Description: These wireless transmitters work with our 315MHz receivers. They can easily fit into a breadboard and work well with microcontrollers to create a very simple wireless data link. Since these are only transmitters, they will only work communicating data one-way, you would need two pairs (of different frequencies) to act as a transmitter/receiver pair.
Note: These modules are indiscriminate and will receive a fair amount of noise. Both the transmitter and receiver work at common frequencies and don’t have IDs. Therefore, a method of filtering this noise and pairing transmitter and receiver will be necessary. The example code below shows such an example for basic operation. Please refer to the example code and links below for ways to accomplish a robust wireless data link.
Based on 2 ratings:
This was purchased as a pair: the RF Link Transmitter - 315MHz and RF Link Receiver - 4800bps (315MHz). When placed on two boards, and gave ground to the GND pins, 5V to the VCC pins, and data on the transmitter pins, I was unable to find out which pin on the receiver to use to read in via my Arduino. I followed several tutorials but none of them had the same transmitter or receiver as this. It was labelled as the same, but the pictures in the video didn’t match. Nor did the pinouts. So who knows. However, I tried both pins on the receiver. When giving 5V to the transmitter data pin, nothing changed from what came out of the data pins of the receiver. I then tried soldering on 13cm wires to the antenna pins, per several sites, coiling the antenna on the receiver and keeping it straight on the transmitter. Still no change. All I read was 1.32V on the receiver whether the transmitter had 5V on it’s data or 0V. The datasheets offered no help. I wanted to try VirtualWire, but if the primary analog voltage functions did nothing, VirtualWire wouldn’t even be worth a test. However, I did try it, just in case. No surprise, it didn’t work either.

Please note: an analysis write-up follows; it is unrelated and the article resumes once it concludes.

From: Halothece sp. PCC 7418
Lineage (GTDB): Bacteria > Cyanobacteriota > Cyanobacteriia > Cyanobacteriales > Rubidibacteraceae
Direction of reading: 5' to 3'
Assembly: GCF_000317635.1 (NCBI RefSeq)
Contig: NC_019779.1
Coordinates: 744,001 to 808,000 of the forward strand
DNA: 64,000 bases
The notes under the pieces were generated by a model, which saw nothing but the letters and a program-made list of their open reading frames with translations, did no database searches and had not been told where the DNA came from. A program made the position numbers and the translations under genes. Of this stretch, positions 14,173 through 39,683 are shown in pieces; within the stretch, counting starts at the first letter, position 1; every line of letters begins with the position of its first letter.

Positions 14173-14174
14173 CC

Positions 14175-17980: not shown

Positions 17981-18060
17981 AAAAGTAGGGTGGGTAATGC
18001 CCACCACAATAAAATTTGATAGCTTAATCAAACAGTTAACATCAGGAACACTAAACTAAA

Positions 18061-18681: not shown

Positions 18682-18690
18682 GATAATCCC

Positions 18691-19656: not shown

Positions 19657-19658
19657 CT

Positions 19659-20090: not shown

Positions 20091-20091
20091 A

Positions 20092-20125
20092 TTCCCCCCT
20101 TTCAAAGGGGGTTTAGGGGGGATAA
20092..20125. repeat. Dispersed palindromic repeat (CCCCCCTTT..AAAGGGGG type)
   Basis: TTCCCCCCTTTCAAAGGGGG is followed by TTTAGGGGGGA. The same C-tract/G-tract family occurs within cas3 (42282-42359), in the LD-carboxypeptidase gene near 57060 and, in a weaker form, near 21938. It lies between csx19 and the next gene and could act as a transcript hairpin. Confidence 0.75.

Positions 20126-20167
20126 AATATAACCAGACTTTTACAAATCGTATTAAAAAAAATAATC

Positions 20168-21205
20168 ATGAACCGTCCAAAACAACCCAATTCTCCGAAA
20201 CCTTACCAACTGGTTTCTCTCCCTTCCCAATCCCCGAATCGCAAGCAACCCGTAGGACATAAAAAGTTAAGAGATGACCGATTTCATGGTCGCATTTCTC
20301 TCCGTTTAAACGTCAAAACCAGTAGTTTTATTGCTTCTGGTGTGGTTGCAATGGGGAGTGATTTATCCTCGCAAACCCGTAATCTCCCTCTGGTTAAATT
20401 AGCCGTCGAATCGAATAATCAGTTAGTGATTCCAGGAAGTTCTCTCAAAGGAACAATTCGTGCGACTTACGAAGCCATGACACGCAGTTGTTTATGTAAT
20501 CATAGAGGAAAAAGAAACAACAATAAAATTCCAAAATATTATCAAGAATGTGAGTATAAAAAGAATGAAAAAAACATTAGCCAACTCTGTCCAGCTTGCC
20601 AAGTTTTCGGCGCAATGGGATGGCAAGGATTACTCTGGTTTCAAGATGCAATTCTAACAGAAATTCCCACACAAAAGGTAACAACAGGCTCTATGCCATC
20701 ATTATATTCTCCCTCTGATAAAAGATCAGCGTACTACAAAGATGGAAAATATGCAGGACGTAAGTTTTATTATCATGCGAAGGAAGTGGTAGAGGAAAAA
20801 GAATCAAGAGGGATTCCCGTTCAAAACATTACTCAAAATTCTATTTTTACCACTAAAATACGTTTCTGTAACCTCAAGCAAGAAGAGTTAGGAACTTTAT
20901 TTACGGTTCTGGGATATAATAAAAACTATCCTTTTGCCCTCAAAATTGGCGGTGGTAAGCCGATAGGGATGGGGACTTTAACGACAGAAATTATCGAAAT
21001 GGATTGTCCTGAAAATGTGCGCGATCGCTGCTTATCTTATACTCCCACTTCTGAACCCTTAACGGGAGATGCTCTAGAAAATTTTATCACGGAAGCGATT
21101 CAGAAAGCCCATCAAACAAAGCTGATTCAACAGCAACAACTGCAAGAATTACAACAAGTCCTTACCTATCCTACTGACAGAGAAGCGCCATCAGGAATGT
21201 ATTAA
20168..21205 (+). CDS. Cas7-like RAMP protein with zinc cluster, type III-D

So, in short, I understand the transmitter and receiver is only a $7 purchase, plus shipping when put together, but I would at least expect them to work somewhat, rather than not at all. It is a waste of time. Buy more expensive ones elsewhere that has solid documentation.
Sorry to hear that neither this nor the receiver seem to be working for you. I would suggest getting in touch with our tech support team, they should be able to help you resolve these issues.
I"m a 31 year old EE student with clinically diagnosed ADD. This product was purchased to build an RF sniffer (see following link).
I did, like other users, have a difficult time understanding how to hook this device up and determine whether or not it was working. I"m sure for more experienced users it wasn’t too difficult, but for me it was.
I would suggest a systematic approach ( step 1 do this, step 2 do that, open serial monitor and expect to see something like this….) for initial link setup. The documentation on the product’s website helped but it was really the following website that allowed me to get up and running.
The KLP Tutorial mentions signal conditioning and filtering to improve signal TX and RX but doesn’t reference or provide outside tech sheets or examples (LPF, HPF, threshold detector/limiter circuitry) . I would have liked to have been provided with a link or appendix with an example of how to do that.
All said and done, the overall process to get my RF link up and running allowed me to learn a lot about ASK and signal conditioning. I guess that’s the point of giving just enough information- to invoke learning. However, for those like myself who have a deep passion for EE but struggle to learn in a timely manner, the above suggestions would not only invoke learning but keep me coming back knowing that SparkFun is truly a one stop shop for any project.